(common name, Latin name)
MacKenzie's willow -
West from Washington to
Low to moderate elevations. (from 0 - 7000ft in
Local occurrence (where, how common)
Along stream in lowlands to lower mountain valleys.
Rocky streams and river edges to moist alluvial terraces. Fine textured soils with moderate to high amounts of water.
Plant strategy type/successional stage (stress-tolerator, competitor,
weedy/colonizer, seral, late successional)
Early pioneer, often replaces coyote willow (Salix exigua).
Widely scattered overstory of black cottonwood (Populus trichocarpa), or water birch (Betula occidentalis). Coyote, Drummon and whiplash willows are also common (S. exigua, drummondiana, and lasiandra). Also redosier dogwood (cornus stolonifera), ood's Rose (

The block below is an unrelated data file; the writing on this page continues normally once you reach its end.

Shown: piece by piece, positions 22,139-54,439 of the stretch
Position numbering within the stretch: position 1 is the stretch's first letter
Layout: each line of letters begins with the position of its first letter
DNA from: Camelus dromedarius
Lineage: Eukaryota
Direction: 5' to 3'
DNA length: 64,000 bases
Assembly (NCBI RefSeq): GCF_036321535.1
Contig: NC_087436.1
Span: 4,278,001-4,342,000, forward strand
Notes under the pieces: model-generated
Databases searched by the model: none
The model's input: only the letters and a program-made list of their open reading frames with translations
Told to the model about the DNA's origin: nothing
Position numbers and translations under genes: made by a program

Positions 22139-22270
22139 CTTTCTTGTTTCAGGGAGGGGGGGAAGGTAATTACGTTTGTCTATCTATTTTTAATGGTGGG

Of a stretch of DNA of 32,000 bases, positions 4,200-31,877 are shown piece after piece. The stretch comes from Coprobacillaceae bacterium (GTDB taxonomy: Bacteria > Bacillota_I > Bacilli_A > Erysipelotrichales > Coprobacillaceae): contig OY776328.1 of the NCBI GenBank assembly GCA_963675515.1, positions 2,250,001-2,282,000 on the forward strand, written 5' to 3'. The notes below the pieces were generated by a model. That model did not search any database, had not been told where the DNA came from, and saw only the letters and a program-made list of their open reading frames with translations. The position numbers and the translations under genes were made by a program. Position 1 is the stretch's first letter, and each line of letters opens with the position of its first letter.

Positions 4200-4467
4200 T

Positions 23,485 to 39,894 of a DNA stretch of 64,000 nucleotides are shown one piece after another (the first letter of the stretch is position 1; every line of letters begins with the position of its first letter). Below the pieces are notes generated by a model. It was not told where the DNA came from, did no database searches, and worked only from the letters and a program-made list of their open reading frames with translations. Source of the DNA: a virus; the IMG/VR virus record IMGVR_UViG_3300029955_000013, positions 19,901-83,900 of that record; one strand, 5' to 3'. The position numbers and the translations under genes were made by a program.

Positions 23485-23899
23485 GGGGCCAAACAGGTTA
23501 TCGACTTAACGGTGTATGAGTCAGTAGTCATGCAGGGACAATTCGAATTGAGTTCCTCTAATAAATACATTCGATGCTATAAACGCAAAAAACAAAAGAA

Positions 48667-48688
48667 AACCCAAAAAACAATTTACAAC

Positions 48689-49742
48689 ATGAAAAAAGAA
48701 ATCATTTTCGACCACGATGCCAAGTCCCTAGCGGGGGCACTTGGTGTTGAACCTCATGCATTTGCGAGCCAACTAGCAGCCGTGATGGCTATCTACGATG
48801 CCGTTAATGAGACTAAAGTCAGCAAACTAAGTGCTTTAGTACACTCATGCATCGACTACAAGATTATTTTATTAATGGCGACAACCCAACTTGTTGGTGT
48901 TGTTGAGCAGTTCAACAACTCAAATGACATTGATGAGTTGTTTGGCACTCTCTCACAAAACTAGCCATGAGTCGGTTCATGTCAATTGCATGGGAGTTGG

May be collected as: (seed, layered, divisions, etc.)
May be propagated as seeds or by cuttings.
Collection restrictions or guidelines
Seed should be collected as soon as fruit ripens. Hardwood
cuttings can be propagated easily without the use of rooting hormone.
Seed germination (needs dormancy breaking?)
Seeds do not exhibit any sort of dormancy. Should be planted immediately for best germination rates, or refrigerated in a sealed container for up to a month.
recommendations (plant seeds, vegetative parts, cuttings, etc.)
Seeds should be used to grow container plants. Cuttings may be planted directly at site or grown in greenhouse.
Soil or medium requirements (inoculum necessary?)
The plant is adapted to a wide variety of soils from coarse textured soils to silt loams.
Installation form (form, potential for successful outcomes, cost)
Most successful when greenhouse grown (80% cutting success), especially for seeds. Seeds should be immediately planted for highest germination rates.
Recommended planting density
Care requirements after installed (water weekly, water once etc.)
Normal rate of growth or spread; lifespan
Shrub grows from 6 to 30 feet tall. Relatively long lived.
Compiled by Jack Hebert